Some of my retired ex-colleagues have also started taking online courses, and these are done through webinars too.
If you’re not staying with mum
1. Post her a letter
Did you know that Singapore Post has a tracked mail service? You can also send small packages through this service that will be sent directly to the recipient’s mailbox (contactless, yay!).
This way, you can send mum a handwritten letter (get your kids to pitch in as well, the activity might help keep them busy now that it’s school holidays) or drawing, and you’ll be certain that it won’t get lost in the mail.
2. Scent her a gift
You’re not able to personally give her a foot soak, but you can still send her an aromatherapy set for her own home spa experience. There are a plenty of beauty and wellness brands to choose essential oils and aromatherapy kits from.
Send some nice scents her way, because mum “nose” best!
3. Meals with feels
I’ve yet to try this, but there have been many accounts of people receiving food delivery along with a message from the sender, even “I love you, hehe”. It was a friend’s birthday recently, and they too, received food delivery AND a birthday song from the delivery person.
Well, I’m not sure if the uncle delivering my food would so gamely do this, but that’s an option!
4. Become her personal shopper
Personally, I’ve observed that our parents don’t like to buy groceries online or rely on food delivery services. They like to do things the old school way, trudging to the nearby supermarket and back with 2 big bags of stuff that they could have ordered online.
For a day (or as often as possible), become your mum’s personal shopper — but in line with safe distancing rules, only contactless delivery is allowed!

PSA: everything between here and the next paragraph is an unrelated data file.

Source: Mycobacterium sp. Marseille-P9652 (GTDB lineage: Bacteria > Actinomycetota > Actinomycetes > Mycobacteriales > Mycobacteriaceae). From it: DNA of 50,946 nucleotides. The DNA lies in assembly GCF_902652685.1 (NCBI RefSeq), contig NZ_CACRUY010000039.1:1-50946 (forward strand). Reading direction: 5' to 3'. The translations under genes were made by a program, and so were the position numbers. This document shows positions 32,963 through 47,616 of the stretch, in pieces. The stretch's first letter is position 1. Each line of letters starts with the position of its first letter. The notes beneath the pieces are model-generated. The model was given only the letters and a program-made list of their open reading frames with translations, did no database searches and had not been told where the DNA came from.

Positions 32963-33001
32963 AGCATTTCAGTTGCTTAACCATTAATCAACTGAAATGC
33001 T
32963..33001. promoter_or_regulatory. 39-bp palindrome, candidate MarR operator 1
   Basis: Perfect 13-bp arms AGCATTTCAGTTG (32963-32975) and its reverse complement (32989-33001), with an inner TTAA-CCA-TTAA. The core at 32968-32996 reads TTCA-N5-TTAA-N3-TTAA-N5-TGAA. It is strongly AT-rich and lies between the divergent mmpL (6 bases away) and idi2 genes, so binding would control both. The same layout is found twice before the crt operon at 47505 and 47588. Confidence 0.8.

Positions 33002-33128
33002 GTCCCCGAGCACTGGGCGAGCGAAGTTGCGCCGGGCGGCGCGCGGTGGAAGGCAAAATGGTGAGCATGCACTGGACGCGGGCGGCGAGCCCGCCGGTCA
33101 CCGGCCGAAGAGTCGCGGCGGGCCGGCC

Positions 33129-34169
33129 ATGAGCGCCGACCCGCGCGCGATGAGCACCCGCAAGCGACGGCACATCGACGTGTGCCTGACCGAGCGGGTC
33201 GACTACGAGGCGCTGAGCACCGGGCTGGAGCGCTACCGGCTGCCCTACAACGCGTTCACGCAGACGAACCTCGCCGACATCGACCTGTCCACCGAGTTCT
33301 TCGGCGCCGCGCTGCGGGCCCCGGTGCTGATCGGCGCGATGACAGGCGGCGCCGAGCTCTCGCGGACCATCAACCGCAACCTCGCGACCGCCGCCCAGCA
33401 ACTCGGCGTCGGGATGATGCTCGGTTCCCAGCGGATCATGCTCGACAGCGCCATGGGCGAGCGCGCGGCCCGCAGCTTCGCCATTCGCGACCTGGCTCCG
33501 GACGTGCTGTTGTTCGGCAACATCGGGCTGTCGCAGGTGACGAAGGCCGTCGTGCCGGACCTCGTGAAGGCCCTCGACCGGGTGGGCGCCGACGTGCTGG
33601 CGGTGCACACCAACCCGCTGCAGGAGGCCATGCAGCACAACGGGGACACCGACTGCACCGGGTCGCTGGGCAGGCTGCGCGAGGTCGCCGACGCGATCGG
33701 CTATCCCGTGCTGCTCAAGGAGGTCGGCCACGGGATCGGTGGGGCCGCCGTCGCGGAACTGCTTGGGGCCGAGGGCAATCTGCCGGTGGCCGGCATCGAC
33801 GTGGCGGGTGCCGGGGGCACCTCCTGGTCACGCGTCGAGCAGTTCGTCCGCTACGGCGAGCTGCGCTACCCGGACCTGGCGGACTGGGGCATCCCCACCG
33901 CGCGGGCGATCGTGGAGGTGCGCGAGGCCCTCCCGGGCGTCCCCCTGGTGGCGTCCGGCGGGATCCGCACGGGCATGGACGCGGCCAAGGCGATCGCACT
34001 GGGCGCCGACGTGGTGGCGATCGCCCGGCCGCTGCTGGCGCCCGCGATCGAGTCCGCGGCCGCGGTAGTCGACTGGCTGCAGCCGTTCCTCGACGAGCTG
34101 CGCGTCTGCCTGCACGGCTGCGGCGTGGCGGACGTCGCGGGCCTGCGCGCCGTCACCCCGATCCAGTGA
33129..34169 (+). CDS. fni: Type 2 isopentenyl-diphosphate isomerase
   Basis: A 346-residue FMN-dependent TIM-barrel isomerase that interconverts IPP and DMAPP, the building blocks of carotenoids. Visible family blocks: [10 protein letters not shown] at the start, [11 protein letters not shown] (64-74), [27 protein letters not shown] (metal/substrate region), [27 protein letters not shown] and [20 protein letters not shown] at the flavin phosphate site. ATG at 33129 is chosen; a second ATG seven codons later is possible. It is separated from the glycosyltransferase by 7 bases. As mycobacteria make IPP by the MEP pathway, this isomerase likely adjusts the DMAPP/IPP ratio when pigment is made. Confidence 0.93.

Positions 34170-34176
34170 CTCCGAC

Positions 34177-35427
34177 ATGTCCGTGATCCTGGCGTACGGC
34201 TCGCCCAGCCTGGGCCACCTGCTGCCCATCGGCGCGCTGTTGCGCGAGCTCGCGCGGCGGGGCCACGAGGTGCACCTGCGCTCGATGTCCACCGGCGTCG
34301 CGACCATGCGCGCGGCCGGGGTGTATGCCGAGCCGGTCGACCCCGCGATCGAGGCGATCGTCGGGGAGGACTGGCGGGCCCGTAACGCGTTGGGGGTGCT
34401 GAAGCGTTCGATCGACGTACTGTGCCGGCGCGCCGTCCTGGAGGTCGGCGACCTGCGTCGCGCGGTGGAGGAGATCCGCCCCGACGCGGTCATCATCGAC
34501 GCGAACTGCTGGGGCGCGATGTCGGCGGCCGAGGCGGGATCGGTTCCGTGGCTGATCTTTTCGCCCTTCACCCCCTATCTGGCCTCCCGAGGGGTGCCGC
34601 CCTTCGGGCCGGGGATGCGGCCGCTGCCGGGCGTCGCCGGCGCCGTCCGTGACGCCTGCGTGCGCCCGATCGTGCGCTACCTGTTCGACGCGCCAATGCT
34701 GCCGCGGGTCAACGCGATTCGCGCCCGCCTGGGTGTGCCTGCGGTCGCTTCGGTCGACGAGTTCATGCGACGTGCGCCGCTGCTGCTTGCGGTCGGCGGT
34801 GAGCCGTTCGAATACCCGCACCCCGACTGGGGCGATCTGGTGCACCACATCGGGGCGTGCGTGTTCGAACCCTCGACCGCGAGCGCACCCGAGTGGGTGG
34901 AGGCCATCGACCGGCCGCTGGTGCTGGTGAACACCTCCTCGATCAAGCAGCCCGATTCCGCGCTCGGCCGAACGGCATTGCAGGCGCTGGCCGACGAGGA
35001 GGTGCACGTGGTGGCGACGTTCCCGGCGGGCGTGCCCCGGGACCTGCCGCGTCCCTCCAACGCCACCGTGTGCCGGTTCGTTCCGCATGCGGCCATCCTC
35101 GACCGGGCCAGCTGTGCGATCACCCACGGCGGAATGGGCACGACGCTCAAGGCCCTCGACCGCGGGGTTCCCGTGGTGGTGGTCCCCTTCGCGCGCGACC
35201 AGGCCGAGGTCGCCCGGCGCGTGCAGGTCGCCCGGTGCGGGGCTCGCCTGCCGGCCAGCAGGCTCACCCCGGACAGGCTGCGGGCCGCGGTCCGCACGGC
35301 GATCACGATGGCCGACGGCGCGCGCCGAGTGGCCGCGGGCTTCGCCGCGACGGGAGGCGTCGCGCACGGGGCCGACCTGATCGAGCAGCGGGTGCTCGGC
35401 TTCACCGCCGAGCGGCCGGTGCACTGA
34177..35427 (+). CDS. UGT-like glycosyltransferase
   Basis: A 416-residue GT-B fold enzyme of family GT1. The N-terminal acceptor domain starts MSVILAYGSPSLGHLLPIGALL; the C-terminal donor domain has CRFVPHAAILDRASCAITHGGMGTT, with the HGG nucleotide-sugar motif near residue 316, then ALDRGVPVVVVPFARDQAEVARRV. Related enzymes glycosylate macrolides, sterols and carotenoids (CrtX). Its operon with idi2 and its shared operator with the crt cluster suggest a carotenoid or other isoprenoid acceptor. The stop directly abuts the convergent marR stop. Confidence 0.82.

The other day, I sent groceries to my mum’s place and she peeked through the door while I was headed for the lift. Although fleeting, that feeling of seeing Le Mama after so long was quite heartwarming!
More sweet gestures
Here are other sweet gestures to consider, whether or not you’re in the same household as your mum.
If you’re musically inclined, treat her to a “live” concert, and why not broadcast this via video conference to other family members at the same time? Even better if everyone can play a different instrument — family jam sesh!
Or take mum on a “virtual trip” to a country of her choice through a video or image gallery presentation. For sense-surround, order in some of that country’s cuisine to savour while on your virtual guided tour.
You could also pre-purchase vouchers to cash in once the circuit breaker has ended. These can be spa or massage vouchers, movie tickets, or a promise to take mum on a holiday once the whole pandemic blows over. Bonus points for helping local businesses stay afloat!
Another thoughtful gift is to do good is donating to a cause in mum’s name, to a charity supporting the less fortunate on her behalf. For a start, check out the Giving.sg platform.
Happy Mother’s Day, stay safe and stay positive!
This article was written by Mary Wu, who hopes to share what she’s learnt from her home-buying and renovation journey with PropertyGuru readers. When she’s not writing, she’s usually baking up a storm or checking out a new cafe in town.